Exercise 5 Dynamic Community Map Translation (Table-Based)
Data Community Mapping (Esri File Geodatabase)
Overall Goal Generate a new Community Mapping dataset using a table-based schema
Demonstrates Table-based schemas for dynamic translations
Start Workspace C:\FMEData2018\Workspaces\DesktopAdvanced\ReadWrite-Ex5-Begin.fmw
End Workspace C:\FMEData2018\Workspaces\DesktopAdvanced\ReadWrite-Ex5-Complete.fmw

In a previous exercise, you created a new community map dataset for the planning department using a dynamic schema. At the time only two tables were defined, but now another one is required, and the planning department wants you to update the workspace.

Rather than having to make changes each time they add more datasets, you believe that you can simply create an Excel spreadsheet containing the schema definition. That way the planning team can edit it themselves and do the same for all future updates.

1) Inspect Spreadsheet
Open and examine the spreadsheet at C:\FMEData2018\Resources\DesktopAdvanced\CommunityMapSchema.xlsx.

If you don’t have Excel then open it in the FME Data Inspector and switch to Table View.

The table has schema definitions for Firehalls, Parks, and Zones feature types.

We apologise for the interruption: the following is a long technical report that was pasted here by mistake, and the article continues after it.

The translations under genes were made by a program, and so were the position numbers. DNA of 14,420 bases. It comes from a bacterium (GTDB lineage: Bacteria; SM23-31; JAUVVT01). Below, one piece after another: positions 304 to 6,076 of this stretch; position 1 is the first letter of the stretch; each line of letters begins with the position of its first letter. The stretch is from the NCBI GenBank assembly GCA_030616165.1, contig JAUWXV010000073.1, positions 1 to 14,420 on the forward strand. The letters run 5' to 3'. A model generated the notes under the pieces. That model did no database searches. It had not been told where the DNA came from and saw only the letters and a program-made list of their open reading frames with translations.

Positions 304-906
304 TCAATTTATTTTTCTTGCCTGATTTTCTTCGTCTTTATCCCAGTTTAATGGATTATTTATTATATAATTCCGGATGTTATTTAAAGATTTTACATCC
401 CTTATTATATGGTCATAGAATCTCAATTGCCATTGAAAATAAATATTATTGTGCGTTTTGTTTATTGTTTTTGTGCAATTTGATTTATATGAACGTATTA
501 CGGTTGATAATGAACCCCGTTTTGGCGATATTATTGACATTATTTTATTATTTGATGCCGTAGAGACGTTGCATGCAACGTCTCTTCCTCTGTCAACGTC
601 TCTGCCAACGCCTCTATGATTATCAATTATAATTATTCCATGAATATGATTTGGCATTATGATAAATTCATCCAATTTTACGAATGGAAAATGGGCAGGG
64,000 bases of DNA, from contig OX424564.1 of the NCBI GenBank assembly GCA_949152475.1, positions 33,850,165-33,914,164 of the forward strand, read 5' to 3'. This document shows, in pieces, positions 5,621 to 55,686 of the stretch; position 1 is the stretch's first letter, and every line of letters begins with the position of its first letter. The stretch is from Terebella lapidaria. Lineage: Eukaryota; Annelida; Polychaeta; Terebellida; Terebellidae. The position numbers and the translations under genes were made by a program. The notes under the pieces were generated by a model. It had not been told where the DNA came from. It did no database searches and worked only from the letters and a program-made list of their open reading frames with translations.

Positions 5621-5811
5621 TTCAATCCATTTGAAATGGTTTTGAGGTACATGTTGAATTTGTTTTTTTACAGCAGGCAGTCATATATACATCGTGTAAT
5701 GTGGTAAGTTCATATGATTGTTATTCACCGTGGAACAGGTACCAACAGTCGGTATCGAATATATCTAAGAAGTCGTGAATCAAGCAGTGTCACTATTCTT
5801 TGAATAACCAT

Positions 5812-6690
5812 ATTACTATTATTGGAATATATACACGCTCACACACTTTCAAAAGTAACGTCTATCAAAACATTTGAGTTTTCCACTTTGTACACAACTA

2) Start Workbench
Start FME Workbench. Open the workspace from the previous exercise or the begin workspace listed above.

3) Delete CommunityMap Resource Reader
Because we are using a spreadsheet to define our output schemas, the CommunityMap Resource Reader is no longer needed. Locate it in the Navigator window, right-click on it, and choose Delete.

When prompted, click OK to confirm that all references relating to this dataset will also be removed.

4) Add Excel File as Reader Resource
Now select Readers > Add Reader as Resource. In the dialog that opens choose:

Reader Format Schema (From Table)
Reader Dataset C:\FMEData2018\Resources\DesktopAdvanced\CommunityMapSchema.xlsx

*NB: Be sure to use the Schema (From Table) format and not the Excel format!*

Before clicking OK, click the parameters button (if you don't you will be prompted to anyway). This dialog is where we can define how the table maps to the required schema.

Check the reader parameters at the top. They should show the dataset is an Excel format file. Select Sheet1 as the table to use:

The first row should get used as the field names. If this is not the case, then click the parameters button above and set the values correctly:

Next, select the appropriate fields to match to the required parameters (for example Feature Type = FeatureType):

Click OK to close the dialog and again to add the resource reader.

The fields in such a lookup table can be given any name you desire. In this example, they have been given the same name as the parameter to which they are being applied, but only to make the relationship as obvious as possible.

5) Set Dynamic Parameters
Now inspect the feature type parameters for the writer feature type.

Under the User Attributes tab remove the LastUpdatedBy attribute, as we’ve added this to the spreadsheet definition for each type and no longer need it in here.

In the Parameters tab click the Schema Sources edit button. Uncheck FireHalls and check CommunityMapSchema [SCHEMA_FROM_TABLE]: